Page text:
Are Some Languages Better than Others? by R. M. W. DixonAre Some Languages Better than Others? by R. M. W. Dixon

Are Some Languages Better than Others?

byR. M. W. Dixon

Hardcover | April 18, 2017

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This book sets out to answer a question that many linguists have been hesitant to ask: are some languages better than others? Can we say, for instance, that because German has three genders and French only two, German is a better language in this respect? Jarawara, spoken in the Amazonianjungle, has two ways of showing possession: one for a part (e.g. 'Father's foot") and the other for something which is owned and can be given away or sold (e.g. "Father's knife"); is it thus a better language than English, which marks all possession in the same way?R. M. W. Dixon begins by outlining what he feels are the essential components of any language, such as the ability to pose questions, command actions, and provide statements. He then discusses desirable features including gender agreement, tenses, and articles, before concluding with his view ofwhat the ideal language would look like - and an explanation of why it does not and probably never will exist. Written in the author's usual accessible and engaging style, and full of personal anecdotes and unusual linguistic phenomena, the book will be of interest to all general languageenthusiasts as well as to a linguistics student audience, and particularly to anyone with an interest in linguistic typology.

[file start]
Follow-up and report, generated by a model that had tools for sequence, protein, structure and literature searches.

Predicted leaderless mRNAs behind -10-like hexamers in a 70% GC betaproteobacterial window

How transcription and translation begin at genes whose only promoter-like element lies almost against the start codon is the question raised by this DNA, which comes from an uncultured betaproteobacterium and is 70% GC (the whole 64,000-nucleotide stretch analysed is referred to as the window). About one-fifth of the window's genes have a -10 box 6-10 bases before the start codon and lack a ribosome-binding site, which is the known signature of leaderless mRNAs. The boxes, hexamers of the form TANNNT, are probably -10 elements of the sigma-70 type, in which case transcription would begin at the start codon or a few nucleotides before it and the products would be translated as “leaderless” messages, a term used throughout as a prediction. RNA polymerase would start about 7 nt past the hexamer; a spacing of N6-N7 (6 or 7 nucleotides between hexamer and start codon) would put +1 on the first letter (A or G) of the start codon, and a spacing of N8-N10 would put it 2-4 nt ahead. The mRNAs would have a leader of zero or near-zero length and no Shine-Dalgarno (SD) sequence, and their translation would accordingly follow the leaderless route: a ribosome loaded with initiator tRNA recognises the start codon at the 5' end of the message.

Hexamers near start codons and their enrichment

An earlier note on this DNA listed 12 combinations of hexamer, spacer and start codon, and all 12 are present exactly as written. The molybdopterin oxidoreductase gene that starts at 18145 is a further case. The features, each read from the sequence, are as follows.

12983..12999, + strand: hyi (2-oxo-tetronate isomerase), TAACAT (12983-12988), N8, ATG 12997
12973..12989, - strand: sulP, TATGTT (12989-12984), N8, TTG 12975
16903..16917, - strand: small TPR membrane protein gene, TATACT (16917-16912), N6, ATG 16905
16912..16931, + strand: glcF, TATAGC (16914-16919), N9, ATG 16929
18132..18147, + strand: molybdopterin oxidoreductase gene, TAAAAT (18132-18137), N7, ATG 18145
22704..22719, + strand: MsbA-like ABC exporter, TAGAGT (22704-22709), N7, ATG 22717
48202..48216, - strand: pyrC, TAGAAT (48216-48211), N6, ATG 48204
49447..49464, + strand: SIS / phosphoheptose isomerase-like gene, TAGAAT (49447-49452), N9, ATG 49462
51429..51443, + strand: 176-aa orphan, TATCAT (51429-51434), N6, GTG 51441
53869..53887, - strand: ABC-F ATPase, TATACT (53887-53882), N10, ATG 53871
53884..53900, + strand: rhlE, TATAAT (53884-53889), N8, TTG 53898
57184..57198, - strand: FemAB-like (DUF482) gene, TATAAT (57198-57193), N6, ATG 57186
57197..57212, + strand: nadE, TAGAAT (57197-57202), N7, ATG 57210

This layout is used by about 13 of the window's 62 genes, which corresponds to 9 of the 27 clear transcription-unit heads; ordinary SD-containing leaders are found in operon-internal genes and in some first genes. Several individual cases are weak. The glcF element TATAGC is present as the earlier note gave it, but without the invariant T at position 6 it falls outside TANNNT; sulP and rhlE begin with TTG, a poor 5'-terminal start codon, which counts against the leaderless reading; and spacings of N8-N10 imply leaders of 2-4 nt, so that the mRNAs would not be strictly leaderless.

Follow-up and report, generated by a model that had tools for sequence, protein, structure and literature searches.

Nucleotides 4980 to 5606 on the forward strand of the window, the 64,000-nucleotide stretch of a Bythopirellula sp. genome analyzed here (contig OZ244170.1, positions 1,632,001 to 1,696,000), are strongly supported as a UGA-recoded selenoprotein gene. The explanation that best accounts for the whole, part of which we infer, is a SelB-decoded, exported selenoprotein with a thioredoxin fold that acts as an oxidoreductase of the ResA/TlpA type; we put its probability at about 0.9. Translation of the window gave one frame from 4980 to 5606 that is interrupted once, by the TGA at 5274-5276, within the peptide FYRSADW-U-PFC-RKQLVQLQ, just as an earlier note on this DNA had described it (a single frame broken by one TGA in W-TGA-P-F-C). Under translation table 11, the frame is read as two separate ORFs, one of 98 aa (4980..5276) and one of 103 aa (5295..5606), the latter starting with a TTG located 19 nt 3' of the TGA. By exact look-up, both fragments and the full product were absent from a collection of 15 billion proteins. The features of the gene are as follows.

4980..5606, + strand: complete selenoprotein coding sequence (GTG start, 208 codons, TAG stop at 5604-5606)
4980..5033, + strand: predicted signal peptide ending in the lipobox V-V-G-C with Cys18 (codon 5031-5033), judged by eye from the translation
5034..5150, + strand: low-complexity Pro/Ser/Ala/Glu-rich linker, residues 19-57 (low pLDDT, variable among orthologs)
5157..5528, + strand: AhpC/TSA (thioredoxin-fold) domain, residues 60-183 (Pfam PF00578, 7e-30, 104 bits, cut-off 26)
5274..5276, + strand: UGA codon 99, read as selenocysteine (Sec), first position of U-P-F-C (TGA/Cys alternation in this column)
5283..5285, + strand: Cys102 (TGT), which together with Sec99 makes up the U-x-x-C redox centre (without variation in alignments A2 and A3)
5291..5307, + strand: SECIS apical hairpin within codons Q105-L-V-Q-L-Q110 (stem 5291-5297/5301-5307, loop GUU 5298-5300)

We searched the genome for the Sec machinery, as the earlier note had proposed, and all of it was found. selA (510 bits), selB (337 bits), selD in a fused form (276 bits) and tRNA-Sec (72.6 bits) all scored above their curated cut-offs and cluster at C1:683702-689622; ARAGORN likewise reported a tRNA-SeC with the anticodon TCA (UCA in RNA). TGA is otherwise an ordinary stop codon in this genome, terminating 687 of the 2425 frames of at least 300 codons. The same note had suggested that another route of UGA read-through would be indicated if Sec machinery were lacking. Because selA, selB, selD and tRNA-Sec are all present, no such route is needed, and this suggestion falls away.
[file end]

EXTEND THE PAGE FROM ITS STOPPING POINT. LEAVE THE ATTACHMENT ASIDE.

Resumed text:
R. M. W. Dixon is Adjunct Professor and Deputy Director of the Language and Culture Research Centre at James Cook University. He has written extensively on a number of Australian and Amazonian languages, as well as on ergativity, semantics, and English grammar. His many books include The Rise and Fall of Languages (CUP 1997), Basic Lin...
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Title:Are Some Languages Better than Others?Format:HardcoverDimensions:288 pages, 8.5 × 5.31 × 0.85 inPublished:April 18, 2017Publisher:Oxford University PressLanguage:English

The following ISBNs are associated with this title:

ISBN - 10:0198766815

ISBN - 13:9780198766810

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Table of Contents

Preface1. Setting the scene2. How languages work3. What is necessary4. What is desirable5. What is not (really) needed6. How about complexity?7. How many words should there be?8. The limits of a language9. Better for what purpose?10. An ideal language11. Facing up to the questionNotes and sourcesAbbreviationsAcknowledgementsReferencesIndex